I just got back from a two-day trip to Mayo Clinic with a friend who is having heart issues. What a place! People from all over the world and every culture you can imagine walk through those doors. We got back yesterday, tired but glad it’s over and things are seeming okay.
As we’ve been having so much rain, Will hasn’t been able to get started haying but today we have a cloudy but supposedly rain-free four days in a row. So he started haying on our place, cutting the clover on our new forty acres that he cleared four years ago. Wow, you wouldn’t recognize the field. Where it used to be scattered grass, weeds, and wild strawberries, now it’s hip-high, lush clover. And where there used to be only willow brush, a few scattered small poplar trees, and swamp, there is now a five-acre patch of oats/clover/grasses planted and laying down for hay. It’s simply amazing; just clearing that land dried it out. And adding manure last year made it rich enough to support a nice hay field. Another win for “mo’ poo poo,” our farm’s motto!
I want to thank everyone who responded for Javid’s need for a tablet or laptop. A nice fellow is sending a used but usable laptop to Javid and another lady generously sent a check for us to buy him a new one. (We’ll hold it until the first one shows up … just in case it doesn’t happen, then return it to her with our profuse thanks.) We’re really overwhelmed by all of your generosity! We thank each and every one of you. — Jackie
Just visited www.seedtreasures.com. Loved the site. Will your seeds also do well in my just south of Atlanta gardens?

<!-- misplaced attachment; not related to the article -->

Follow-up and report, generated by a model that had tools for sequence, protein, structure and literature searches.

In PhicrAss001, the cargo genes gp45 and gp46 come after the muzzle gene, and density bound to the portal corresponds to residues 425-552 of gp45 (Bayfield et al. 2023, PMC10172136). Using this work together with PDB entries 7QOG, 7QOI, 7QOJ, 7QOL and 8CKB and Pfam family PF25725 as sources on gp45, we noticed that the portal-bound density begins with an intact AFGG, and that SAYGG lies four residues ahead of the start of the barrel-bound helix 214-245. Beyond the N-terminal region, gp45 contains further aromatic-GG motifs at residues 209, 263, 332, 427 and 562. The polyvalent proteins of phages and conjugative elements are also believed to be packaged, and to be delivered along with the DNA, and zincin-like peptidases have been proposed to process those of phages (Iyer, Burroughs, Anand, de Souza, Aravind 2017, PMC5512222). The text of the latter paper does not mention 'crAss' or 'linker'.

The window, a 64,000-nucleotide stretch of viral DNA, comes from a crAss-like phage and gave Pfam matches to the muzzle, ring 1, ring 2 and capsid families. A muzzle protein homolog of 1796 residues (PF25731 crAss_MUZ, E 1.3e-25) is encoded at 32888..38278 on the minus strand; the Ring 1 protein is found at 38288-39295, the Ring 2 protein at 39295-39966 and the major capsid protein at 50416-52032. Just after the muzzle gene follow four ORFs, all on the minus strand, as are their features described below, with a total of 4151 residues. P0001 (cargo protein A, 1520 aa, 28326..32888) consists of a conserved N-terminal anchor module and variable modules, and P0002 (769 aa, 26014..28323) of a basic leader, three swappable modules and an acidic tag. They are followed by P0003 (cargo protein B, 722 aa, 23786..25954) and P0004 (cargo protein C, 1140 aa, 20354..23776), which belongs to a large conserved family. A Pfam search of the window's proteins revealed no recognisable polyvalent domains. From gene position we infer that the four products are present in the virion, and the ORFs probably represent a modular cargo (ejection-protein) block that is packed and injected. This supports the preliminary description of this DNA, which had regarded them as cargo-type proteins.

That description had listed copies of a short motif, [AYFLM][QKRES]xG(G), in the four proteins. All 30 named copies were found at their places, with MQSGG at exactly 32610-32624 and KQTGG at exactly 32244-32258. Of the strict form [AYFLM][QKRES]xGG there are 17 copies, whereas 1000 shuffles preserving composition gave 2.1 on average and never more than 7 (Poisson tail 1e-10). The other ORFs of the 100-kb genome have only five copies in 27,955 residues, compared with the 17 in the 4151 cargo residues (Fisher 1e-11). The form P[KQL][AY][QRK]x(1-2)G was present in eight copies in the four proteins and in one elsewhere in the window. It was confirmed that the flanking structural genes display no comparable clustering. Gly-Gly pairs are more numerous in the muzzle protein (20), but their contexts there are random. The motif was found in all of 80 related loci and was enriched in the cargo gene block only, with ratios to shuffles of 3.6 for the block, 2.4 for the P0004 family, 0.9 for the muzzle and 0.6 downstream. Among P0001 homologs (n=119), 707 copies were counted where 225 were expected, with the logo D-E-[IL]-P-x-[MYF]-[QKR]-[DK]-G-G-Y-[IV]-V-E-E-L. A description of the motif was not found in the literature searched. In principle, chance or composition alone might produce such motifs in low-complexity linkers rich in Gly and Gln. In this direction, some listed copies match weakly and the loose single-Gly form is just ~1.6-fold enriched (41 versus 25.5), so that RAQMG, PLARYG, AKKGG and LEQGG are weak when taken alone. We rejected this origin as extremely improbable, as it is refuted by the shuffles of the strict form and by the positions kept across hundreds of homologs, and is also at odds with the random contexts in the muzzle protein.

Most of them will do very well in your garden. So far, we’ve sold to nearly every state and have had glowing reports coming in from all over. Glad you liked our website. We love to help gardeners succeed! — Jackie
Processing stored garlic
I had a bunch of garlic given to me still on the stalks. I put it in a glass with the bulbs up and some of it has been there for about a year. What do I do to preserve it or is it too late?
Dallas City, Illinois
I’d peel couple of cloves. If they are still soft enough to pierce with your fingernail, they should be okay to dehydrate or plant this fall. If not, see if they are normal looking even if hard; they may have dehydrated on the stalk. If they are shriveled or shrunken, you’ll have to give ’em a toss. — Jackie
I can’t believe how nice our summer has been so far and boy is the garden happy! Will is just finishing mulching the whole main garden, all 150×150 feet plus a side L of Hopi Pale Grey squash. That’ll be it for the weeding. I just have to finish thinning about 10 feet of carrot rows and then he’ll be mulching that. Wow, does it look good and the plants are so happy.
All of my honeyberry jam set and we were thrilled with how good it tasted. (Of course I had to pour some out in a cup for us to sample.) Yum — a new favorite!
Yesterday all three of us went out to the big “pumpkin/corn patch” on the new 40 and weeded seriously. Krystal drove the tractor with the tiller to till up a spot we couldn’t get to because it was way too wet before, as well as the sides of the pumpkin and squash rows. Will and I took turns with the Troybilt and we all took turns with the Mantis, getting between plants and spots the big Horse missed.
Will and Krystal have been setting in fence posts around the patch so we can get it fenced. The deer have munched here and there, but so far no serious damage. It does help that the patch is surrounded by knee high clover and oats on the north side!
I hilled a long row of potatoes out there. They don’t look as nice as the small patch in the garden but they’ve not been in as long and do look healthy and happy (with a few deer munches out of them).
While we were working, three deer came out of the woods and started grazing on the clover by the edge of the oat field. They didn’t seem too worried about us and we enjoyed watching them. Luckily, Hondo didn’t try to chase them off. He’s getting much better about that. We’re happy he doesn’t even LOOK at the baby chicks. Of course, mama hens have encouraged good behavior by fluffing up and chasing him with murder in their eyes!
Yesterday was HOT and after working, Will, Krystal, and I put on swimsuits and headed for Lake Leander, five miles away. That cool water sure felt good after we were brave enough to get in all the way. — Jackie